NORMAN, Okla. — It’s hard for James Allen to remember a time when he wasn’t around marijuana.
“Cannabis was always floating around at my family reunions and everything,” the former OU and NFL running back said. “So it wasn’t bad until you see the criminal offense being placed on it, especially for people of color — let’s just look at the numbers.
“Then you see it from that perspective. ‘Oh my God, I can’t get caught with that.’”
Even with that stigma — and possible punishment — Allen still used marijuana during high school, college and in the NFL.
“I don’t think there was a medicinal knowledge of when I would use cannabis,” Allen said. “It was more just the culture I grew up in. We smoked weed. That’s just what everybody was doing whether it was secretly or out in the open.”
The NCAA’s treatment of marijuana users has been in the crosshairs in recent months.
Three Sooners — wide receiver Trejan Bridges, defensive end Ronnie Perkins and running back Rhamondre Stevenson — were supsended earlier this season due to positive marijuana tests, persons with knowledge of the situation confirmed to The Oklahoman, a part of the USA TODAY Network. The persons spoke on condition of anonymity because they were not authorized to discuss the nature of the offenses pubicly.
As first time offenders, the three were suspended for half of a season — six games. They are eligible to return for Saturday’s game at Texas Tech (7 p.m., Fox), though it remains unclear if one or all will be in uniform for the Sooners.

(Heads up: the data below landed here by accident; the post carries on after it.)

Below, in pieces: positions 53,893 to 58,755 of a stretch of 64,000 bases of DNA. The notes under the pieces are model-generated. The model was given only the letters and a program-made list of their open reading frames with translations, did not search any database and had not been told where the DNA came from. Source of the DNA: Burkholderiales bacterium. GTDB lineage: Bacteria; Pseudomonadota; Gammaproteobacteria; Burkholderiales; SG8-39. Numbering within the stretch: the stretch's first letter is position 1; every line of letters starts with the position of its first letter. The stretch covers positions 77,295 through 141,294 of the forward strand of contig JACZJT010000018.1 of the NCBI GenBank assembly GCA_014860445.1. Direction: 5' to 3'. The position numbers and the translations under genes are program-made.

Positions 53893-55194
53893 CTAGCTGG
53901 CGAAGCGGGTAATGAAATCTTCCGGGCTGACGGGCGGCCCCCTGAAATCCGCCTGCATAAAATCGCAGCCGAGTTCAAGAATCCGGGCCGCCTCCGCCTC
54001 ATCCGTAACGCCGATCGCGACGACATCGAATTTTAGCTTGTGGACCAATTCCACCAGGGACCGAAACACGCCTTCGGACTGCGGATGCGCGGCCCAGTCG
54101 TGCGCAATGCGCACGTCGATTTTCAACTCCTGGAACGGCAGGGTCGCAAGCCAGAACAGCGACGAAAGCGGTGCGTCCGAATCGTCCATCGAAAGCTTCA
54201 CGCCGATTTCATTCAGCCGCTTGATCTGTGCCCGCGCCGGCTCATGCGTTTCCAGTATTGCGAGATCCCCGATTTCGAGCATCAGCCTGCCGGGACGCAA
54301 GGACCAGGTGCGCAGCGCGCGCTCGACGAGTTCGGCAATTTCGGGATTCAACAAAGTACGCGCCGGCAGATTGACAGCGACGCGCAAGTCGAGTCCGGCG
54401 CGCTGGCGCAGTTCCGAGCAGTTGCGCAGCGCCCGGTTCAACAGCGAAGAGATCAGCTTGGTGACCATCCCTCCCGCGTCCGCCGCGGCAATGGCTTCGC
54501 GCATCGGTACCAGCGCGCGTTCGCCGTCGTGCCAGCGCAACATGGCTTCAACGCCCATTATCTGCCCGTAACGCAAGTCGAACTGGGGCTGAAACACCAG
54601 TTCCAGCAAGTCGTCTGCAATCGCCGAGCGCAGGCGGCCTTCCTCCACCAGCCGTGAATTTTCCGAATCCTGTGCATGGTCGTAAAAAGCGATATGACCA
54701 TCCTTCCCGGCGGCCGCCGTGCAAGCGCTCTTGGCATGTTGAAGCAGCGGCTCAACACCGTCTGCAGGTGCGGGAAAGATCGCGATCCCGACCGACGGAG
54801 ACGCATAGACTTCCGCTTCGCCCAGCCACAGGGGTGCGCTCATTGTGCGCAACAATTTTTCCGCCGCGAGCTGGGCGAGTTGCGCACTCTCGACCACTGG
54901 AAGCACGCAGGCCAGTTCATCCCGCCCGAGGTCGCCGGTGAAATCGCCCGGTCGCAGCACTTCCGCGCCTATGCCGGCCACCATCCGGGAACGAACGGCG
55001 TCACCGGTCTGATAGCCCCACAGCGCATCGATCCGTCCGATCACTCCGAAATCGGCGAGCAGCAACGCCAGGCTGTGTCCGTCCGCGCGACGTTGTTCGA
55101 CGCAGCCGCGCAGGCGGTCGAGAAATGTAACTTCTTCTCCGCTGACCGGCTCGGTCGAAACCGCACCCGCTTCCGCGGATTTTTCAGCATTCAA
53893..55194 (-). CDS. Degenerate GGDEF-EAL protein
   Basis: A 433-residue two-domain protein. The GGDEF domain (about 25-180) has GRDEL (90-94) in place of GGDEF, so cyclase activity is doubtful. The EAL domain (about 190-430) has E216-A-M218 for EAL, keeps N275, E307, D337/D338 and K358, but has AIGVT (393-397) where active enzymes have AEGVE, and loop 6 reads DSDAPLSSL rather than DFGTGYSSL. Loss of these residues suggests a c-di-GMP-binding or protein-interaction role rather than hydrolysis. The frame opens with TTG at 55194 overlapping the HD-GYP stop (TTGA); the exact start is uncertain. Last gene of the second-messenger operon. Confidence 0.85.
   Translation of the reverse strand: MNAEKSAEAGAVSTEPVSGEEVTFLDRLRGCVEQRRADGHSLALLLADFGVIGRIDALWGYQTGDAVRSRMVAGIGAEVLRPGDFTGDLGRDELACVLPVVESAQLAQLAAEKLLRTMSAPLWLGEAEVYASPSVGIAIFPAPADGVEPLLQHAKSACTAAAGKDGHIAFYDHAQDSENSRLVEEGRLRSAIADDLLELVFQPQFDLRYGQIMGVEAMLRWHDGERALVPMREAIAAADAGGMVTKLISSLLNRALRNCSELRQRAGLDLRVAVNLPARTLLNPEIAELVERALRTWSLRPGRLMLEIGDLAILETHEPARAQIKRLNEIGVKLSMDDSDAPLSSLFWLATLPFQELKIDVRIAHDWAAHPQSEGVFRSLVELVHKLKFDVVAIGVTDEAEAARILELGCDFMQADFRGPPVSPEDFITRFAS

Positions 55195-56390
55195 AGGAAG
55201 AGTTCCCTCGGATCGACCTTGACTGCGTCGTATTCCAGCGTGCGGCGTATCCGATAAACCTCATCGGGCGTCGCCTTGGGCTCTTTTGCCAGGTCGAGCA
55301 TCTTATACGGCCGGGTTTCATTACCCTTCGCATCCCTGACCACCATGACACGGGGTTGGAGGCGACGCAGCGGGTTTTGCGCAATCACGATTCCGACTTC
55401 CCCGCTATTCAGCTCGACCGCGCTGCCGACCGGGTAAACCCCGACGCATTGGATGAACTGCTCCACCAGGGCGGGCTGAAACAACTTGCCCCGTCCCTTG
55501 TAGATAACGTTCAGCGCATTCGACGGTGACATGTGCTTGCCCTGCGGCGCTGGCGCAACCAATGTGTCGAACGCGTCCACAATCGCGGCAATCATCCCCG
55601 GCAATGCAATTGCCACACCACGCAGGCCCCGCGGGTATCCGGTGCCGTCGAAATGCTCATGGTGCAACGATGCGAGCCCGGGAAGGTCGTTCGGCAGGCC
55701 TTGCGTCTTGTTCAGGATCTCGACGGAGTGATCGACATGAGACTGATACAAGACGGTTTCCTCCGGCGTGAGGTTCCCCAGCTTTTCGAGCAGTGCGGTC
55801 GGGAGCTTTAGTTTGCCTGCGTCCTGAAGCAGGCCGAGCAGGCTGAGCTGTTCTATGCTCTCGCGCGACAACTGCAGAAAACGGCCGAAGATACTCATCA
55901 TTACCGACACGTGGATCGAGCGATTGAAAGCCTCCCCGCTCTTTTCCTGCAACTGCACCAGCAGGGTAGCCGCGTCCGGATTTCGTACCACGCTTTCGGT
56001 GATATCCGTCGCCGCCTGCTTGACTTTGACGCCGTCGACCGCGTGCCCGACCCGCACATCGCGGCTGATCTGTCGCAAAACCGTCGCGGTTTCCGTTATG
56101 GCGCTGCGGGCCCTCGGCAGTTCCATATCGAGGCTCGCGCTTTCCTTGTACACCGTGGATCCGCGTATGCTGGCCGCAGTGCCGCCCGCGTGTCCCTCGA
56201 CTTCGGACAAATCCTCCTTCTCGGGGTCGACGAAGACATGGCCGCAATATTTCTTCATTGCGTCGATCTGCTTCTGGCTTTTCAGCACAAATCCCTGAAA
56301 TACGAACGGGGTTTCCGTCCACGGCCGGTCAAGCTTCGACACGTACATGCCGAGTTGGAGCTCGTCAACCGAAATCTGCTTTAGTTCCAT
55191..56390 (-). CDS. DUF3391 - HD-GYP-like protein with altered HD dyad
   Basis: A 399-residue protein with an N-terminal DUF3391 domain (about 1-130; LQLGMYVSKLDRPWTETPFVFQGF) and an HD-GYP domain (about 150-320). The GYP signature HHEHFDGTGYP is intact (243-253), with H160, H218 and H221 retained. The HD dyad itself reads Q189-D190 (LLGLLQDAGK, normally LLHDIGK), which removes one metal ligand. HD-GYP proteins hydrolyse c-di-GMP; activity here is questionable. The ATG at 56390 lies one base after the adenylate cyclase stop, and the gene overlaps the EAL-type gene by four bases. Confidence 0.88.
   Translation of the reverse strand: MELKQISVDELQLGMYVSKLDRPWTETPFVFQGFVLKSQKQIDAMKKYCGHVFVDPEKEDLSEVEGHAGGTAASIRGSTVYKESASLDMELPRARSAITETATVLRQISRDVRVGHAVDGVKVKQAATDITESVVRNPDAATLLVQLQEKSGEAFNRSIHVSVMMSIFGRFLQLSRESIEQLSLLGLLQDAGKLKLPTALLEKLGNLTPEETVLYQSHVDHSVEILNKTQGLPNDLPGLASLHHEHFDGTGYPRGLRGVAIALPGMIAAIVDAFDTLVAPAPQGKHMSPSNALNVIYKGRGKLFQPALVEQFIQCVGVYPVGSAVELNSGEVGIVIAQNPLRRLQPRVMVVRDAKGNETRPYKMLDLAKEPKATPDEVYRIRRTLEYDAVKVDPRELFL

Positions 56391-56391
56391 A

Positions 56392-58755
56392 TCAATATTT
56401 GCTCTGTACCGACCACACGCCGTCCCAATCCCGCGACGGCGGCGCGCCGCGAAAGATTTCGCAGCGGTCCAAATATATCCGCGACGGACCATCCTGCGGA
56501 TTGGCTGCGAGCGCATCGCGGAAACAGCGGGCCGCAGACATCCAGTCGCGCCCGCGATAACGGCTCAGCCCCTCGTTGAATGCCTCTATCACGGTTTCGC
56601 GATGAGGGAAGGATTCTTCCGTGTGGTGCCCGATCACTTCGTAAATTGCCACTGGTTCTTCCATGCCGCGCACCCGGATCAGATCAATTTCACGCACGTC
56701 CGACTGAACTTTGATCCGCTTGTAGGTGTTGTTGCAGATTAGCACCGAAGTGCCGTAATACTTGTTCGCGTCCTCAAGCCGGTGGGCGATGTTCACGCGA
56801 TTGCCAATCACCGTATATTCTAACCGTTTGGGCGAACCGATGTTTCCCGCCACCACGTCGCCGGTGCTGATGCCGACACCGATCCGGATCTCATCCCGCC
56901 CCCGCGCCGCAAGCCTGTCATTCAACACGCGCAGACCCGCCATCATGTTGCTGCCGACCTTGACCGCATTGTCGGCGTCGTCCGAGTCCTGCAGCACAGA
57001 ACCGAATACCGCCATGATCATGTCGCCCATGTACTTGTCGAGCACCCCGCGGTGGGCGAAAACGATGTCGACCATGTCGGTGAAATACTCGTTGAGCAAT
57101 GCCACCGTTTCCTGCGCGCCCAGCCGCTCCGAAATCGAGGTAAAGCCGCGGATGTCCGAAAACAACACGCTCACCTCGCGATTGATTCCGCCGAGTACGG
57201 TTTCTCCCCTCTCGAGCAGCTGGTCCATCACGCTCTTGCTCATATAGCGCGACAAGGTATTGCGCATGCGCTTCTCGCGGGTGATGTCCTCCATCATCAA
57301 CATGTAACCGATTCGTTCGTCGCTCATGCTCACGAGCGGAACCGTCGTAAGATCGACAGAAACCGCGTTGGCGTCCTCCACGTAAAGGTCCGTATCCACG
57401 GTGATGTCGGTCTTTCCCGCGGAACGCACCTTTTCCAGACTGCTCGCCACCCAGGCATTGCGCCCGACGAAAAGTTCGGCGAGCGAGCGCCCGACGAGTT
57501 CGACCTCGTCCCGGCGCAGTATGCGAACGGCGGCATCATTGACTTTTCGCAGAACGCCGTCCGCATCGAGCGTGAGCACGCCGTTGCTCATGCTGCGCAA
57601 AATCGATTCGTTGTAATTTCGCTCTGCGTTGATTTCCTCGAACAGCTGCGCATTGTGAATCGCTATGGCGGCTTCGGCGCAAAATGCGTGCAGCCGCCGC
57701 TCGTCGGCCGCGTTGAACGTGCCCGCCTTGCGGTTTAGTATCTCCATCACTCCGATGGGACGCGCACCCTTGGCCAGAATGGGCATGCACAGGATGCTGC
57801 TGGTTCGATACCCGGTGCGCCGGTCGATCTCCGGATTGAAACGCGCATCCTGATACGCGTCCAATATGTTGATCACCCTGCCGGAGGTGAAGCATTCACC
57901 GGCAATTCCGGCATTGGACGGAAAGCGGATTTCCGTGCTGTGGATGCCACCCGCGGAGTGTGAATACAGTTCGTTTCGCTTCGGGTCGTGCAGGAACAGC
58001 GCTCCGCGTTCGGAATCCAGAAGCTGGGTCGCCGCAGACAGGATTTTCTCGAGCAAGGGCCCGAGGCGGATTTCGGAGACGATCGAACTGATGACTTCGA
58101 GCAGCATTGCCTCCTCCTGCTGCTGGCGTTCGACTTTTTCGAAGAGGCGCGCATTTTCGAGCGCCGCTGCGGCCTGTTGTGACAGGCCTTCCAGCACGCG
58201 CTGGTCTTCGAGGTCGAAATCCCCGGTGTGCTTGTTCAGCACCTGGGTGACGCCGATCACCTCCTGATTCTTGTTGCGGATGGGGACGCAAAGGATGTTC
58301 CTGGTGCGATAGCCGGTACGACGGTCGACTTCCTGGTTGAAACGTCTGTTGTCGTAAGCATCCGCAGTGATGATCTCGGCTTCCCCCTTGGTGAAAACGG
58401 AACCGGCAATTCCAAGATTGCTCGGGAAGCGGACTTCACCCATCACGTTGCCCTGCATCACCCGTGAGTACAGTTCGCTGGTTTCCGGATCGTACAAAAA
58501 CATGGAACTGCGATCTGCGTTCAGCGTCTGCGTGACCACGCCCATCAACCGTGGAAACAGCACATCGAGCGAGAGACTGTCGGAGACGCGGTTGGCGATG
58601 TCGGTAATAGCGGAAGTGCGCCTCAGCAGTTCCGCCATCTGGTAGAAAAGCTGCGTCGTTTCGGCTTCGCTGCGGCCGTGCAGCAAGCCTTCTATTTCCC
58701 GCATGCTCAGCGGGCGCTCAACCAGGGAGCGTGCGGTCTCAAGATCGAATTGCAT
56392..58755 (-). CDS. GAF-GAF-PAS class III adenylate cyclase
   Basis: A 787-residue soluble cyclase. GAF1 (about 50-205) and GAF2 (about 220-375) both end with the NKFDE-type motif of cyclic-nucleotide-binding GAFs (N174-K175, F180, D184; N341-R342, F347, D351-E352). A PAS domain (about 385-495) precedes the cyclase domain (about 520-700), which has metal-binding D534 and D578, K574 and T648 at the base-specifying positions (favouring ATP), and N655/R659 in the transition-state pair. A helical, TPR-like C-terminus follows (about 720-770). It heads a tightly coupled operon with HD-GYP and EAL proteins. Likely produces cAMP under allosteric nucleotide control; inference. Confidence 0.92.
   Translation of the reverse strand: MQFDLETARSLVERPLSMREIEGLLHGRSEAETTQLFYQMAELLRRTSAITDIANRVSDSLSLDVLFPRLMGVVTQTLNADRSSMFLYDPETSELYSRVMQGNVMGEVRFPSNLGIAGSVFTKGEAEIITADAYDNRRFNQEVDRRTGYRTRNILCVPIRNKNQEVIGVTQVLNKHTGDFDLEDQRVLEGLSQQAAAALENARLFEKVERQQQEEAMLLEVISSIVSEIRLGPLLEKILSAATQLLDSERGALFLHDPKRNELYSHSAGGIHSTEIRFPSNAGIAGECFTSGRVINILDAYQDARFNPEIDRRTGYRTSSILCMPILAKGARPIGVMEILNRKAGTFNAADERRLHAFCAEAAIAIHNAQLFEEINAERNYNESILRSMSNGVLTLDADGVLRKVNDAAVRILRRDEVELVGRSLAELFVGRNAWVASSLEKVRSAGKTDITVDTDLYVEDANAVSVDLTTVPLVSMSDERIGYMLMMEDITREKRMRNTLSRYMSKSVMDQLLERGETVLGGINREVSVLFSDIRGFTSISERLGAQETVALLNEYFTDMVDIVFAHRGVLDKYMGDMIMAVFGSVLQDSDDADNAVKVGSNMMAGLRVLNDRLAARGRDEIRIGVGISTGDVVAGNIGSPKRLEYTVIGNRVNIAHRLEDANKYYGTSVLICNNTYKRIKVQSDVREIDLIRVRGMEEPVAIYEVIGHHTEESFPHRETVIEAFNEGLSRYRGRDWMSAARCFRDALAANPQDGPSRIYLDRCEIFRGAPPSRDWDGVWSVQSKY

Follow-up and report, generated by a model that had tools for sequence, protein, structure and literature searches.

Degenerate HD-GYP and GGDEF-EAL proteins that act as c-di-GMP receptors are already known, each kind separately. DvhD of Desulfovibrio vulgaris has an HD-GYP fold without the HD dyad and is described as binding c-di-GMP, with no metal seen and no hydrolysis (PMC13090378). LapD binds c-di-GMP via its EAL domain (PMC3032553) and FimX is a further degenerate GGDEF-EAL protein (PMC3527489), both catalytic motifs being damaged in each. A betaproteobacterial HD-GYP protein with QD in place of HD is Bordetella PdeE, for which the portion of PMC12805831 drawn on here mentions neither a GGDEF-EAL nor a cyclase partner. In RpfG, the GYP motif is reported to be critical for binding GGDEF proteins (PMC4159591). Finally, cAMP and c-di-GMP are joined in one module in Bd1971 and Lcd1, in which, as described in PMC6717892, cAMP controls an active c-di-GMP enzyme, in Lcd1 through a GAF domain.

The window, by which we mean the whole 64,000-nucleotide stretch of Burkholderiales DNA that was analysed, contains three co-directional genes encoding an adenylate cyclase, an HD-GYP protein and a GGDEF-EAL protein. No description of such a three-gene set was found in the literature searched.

OU coach Lincoln Riley said hard-and-fast answers have eluded him and everyone else inside the program.
“It’s been really, really hard on those three kids,” Riley said Thursday. “I gotta watch what I say. But I mean, it’s been agonizing for those three kids. It’s not right.”
A year ago, the NCAA increased the threshold to trigger a positive test for tetrahydrocannabinol (THC), the primary psychoactive component of cannabis, from 15 to 35 nanograms per milliliter. Two years prior, the threshold was raised from just five nanograms per milliliter.
But with states continuing to legalize the substance, at least for medical purposes, there’s been an even greater push to further change the NCAA’s testing and punishment structures.
Only three states fully ban any marijuana use, though South Dakota residents are set to vote on the legalization or the substance next week in two separate ballot measures. Eleven states have legalized the recreational use of marijuana.